Donald Trump's UK state visit will occur 'around June', London police chief says

Sir Bernard Hogan Howe says police expect ‘lots of protests’

Caroline Mortimer
Thursday 09 February 2017 10:05 GMT
Donald Trump's state visit to UK will occur 'around June', London police chief says

Donald Trump’s planned state visit to the UK could happen “around June”, London police chief Sir Bernard Hogan Howe says.

The President’s potential visit to the UK, which will include an audience with the Queen, has provoked outrage after he signed an executive order temporarily banning people from seven Muslim-majority countries entering the US.

Nearly two million people signed a petition calling on Theresa May to cancel the visit in light of the “Muslim ban” which has lead to a Parliamentary debate on the matter which is due to take place on 20th February.

But it seems that planning for Mr Trump’s visit seems to be well underway as Sir Bernard told LBC’s Nick Ferrari that the London Metropolitan Police were expecting huge protests.

He said: “First of all, I think President Trump is coming around June, that’s the plan.

“At the moment, people are concerned there will be lots of protests. There have been protests already. We've had about 20,000 people about 10 days ago at Whitehall – all very peaceful.

“I’ve no doubt, as the days pass, we’ll make assessments on what's going to happen, so we can’t definitely say there will be huge amounts of problems.

“No doubt we’ll put a lot of officers out there and keep them safe and make sure everything goes well. If there is a few thousand officers, it’s likely to be quite a bit of money.”

Thousands marched on London last weekend as news of the ban – which also halted the US’s refugee programme – spread and reports emerged of people with valid visas and green cards already in transit when the order was signed being detained for hours at airport security.

The organisers of the protest said the ban was “an appalling attack on human rights” and that they wanted to send a message to Ms May that Mr Trump “was not welcome here”.

It followed another protest the week before where over a million women in the UK joined with millions of others around the world to march against Mr Trump’s inauguration and his anti-women comments and policies.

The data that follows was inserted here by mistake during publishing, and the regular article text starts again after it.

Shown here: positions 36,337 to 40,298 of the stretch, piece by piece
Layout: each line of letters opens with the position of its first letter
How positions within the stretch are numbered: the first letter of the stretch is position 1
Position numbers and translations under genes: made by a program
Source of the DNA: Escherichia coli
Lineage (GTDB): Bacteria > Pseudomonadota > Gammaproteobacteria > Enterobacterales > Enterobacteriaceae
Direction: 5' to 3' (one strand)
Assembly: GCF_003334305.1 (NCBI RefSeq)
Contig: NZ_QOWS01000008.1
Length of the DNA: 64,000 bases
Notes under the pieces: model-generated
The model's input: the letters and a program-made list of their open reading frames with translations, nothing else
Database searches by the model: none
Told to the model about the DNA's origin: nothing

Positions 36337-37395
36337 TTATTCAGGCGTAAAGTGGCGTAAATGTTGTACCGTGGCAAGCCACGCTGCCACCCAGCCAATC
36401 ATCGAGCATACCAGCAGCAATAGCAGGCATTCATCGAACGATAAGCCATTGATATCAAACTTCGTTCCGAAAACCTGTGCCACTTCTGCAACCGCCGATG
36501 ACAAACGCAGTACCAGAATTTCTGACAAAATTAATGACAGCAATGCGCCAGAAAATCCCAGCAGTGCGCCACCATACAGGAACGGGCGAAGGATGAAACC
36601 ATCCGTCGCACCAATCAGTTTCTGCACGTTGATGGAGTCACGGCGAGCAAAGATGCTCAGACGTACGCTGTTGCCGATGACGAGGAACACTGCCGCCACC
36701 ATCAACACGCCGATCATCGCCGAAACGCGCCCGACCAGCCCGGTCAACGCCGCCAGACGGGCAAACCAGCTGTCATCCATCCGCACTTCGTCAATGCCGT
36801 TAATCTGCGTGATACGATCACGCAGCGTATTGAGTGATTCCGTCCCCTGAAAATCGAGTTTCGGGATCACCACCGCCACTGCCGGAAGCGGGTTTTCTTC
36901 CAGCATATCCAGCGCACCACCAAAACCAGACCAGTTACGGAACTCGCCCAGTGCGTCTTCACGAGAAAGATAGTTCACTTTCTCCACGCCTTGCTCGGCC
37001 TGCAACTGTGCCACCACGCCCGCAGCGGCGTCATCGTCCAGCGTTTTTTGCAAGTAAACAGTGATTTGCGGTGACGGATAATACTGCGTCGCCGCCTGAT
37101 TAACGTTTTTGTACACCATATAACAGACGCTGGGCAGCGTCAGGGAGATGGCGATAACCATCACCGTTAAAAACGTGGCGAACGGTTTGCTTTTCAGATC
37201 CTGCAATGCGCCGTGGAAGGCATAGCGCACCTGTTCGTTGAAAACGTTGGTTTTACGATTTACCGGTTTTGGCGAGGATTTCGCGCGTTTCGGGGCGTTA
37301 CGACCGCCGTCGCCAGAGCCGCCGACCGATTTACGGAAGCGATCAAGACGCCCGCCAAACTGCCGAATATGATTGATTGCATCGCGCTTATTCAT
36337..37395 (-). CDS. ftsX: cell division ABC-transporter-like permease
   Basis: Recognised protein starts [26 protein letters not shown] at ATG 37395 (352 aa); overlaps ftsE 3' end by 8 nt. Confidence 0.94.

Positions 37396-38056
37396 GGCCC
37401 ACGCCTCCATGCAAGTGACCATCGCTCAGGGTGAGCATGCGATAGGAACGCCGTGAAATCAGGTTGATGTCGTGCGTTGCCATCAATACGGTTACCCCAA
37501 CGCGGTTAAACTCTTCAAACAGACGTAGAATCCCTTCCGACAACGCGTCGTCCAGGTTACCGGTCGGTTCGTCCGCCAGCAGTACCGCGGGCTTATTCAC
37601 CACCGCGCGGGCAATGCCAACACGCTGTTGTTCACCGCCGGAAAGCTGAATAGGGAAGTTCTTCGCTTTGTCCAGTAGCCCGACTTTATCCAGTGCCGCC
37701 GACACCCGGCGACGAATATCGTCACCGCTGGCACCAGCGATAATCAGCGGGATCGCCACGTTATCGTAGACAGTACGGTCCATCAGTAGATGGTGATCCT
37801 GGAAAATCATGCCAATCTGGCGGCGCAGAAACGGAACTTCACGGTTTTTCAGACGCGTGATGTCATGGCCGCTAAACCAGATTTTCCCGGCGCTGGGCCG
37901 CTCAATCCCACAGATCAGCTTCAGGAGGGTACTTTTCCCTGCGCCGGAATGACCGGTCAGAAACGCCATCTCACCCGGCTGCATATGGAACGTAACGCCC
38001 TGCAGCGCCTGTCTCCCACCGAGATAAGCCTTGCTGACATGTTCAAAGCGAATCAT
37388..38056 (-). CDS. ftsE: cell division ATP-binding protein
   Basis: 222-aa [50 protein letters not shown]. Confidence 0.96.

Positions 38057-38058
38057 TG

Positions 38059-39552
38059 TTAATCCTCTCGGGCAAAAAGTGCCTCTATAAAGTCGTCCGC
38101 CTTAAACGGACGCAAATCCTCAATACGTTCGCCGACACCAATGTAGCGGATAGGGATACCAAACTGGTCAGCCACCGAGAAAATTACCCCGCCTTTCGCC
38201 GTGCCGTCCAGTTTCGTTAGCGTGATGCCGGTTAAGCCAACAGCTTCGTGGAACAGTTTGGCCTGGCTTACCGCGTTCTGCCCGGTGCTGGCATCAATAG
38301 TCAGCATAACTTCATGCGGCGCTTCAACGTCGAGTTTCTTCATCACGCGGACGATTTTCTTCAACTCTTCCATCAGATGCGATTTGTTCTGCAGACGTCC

Unlike his predecessor Barack Obama, Mr Trump does not look set to address MPs in Westminster Hall following an intervention by Commons Speaker John Bercow.

Speaking in the House, Mr Bercow said he had been “strongly opposed” to Mr Trump even before the ban was announced because speaking in Westminster Hall was “an earned honour” rather than an “automatic right”.

Demonstrators outside Downing Street protest President Trump’s ban on travel from seven Muslim countries (Getty)

If Mr Trump does make an address to Parliament it is likely to be in the Royal Gallery, in the House of Lords, rather than Westminster Hall.

The hall, which was built in the 11th century and is the oldest part of the Palace, has traditionally been reserved for foreign leaders who are deemed to be specially revered by the international community. Past speakers have included Mr Obama, Burmese leader Aung San Suu Kyi, Pope Benedict XVI and former South African Nelson Mandela.

Ms May announced that Mr Trump had been invited to the UK during her trip to the US at the end of last month.

The trip was viewed as a coup for the Prime Minister at the time as she was the first foreign leader to visit the new Commander in Chief since his inauguration on 20 January but it was quickly marred in controversy after Mr Trump signed the “Muslim ban” on the day she left.

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